In Figure 8, a tree pattern follows the match keyword. Tree patterns are written as S-expressions for convenience. The tree pattern in this example is compiled to the pattern matching code shown in the first part of Figure 9 (code for sections of the rule follow the comment containing that section).
The when expression, which contains arbitrary C code, guards the match, preventing the rest of the rule from being executed unless the expression evaluates to true. The build statement creates a new subtree, taking care to copy subtrees from the matched tree, since those subtrees are likely to be deleted by a replace command.
The tracking necessary for debugging and transformation replay is performed
at a low-level in the KHEPERA library. However, the KHEPERA language
translator automatically adds functions (with names starting with
trk_) to the generated rules. These functions add high-level
descriptive information which allows fine-grain navigation during
transformation reply, but which is not necessary for answering debugger
A more complicated KHEPERA rule is shown in Figure 10. This rule implements the third sequence comprehension elimination transformation (Rule 3 from Section 4.3).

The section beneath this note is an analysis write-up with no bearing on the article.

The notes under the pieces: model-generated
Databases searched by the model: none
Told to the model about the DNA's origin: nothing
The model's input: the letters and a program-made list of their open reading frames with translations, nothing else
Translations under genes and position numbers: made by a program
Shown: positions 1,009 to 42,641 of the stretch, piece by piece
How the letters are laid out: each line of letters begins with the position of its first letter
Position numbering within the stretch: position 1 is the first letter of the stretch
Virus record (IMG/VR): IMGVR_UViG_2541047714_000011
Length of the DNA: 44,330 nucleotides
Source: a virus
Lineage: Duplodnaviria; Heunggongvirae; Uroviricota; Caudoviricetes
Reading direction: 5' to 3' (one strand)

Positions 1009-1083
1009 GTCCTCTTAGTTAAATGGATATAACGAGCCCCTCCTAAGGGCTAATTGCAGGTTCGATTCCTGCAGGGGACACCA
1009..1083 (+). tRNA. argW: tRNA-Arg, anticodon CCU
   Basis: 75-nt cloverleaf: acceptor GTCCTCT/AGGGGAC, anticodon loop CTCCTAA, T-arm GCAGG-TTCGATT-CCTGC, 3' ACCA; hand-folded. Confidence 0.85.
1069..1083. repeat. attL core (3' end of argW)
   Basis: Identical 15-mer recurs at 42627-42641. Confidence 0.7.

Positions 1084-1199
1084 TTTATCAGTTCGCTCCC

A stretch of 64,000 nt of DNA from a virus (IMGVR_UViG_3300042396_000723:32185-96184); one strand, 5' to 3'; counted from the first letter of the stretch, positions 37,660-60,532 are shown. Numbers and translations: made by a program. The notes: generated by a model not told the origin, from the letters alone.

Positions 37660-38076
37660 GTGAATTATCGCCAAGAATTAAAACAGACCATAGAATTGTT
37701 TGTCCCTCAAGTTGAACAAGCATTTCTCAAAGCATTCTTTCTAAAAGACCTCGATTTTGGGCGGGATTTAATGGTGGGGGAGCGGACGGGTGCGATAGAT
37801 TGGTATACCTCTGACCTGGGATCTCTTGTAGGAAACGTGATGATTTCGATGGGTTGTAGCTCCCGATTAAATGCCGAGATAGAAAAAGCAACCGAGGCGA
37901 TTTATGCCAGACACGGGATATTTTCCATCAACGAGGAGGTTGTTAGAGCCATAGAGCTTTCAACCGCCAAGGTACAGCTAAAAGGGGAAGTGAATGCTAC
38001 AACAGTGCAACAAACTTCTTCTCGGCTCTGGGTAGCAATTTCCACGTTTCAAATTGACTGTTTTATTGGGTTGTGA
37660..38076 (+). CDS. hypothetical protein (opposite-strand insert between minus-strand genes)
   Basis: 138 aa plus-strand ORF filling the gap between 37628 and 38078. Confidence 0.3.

The example in Figure 10 uses the children statement to iterate
over the children of the
N_ExpressionList node, and uses the
do statement as a general-purpose escape to C. This escape
mechanism is used to build up a new list with the
function, and to modify an implementor-defined attribute (prime).
KHEPERA language features not discussed here include the use of a conditional if-then-else statement in place of a when statement, the ability to break out of a children loop, and the ability to perform tree traversals of matched subtree sections (this is useful when an expression must be examined to determine if it is independent of some variable under consideration).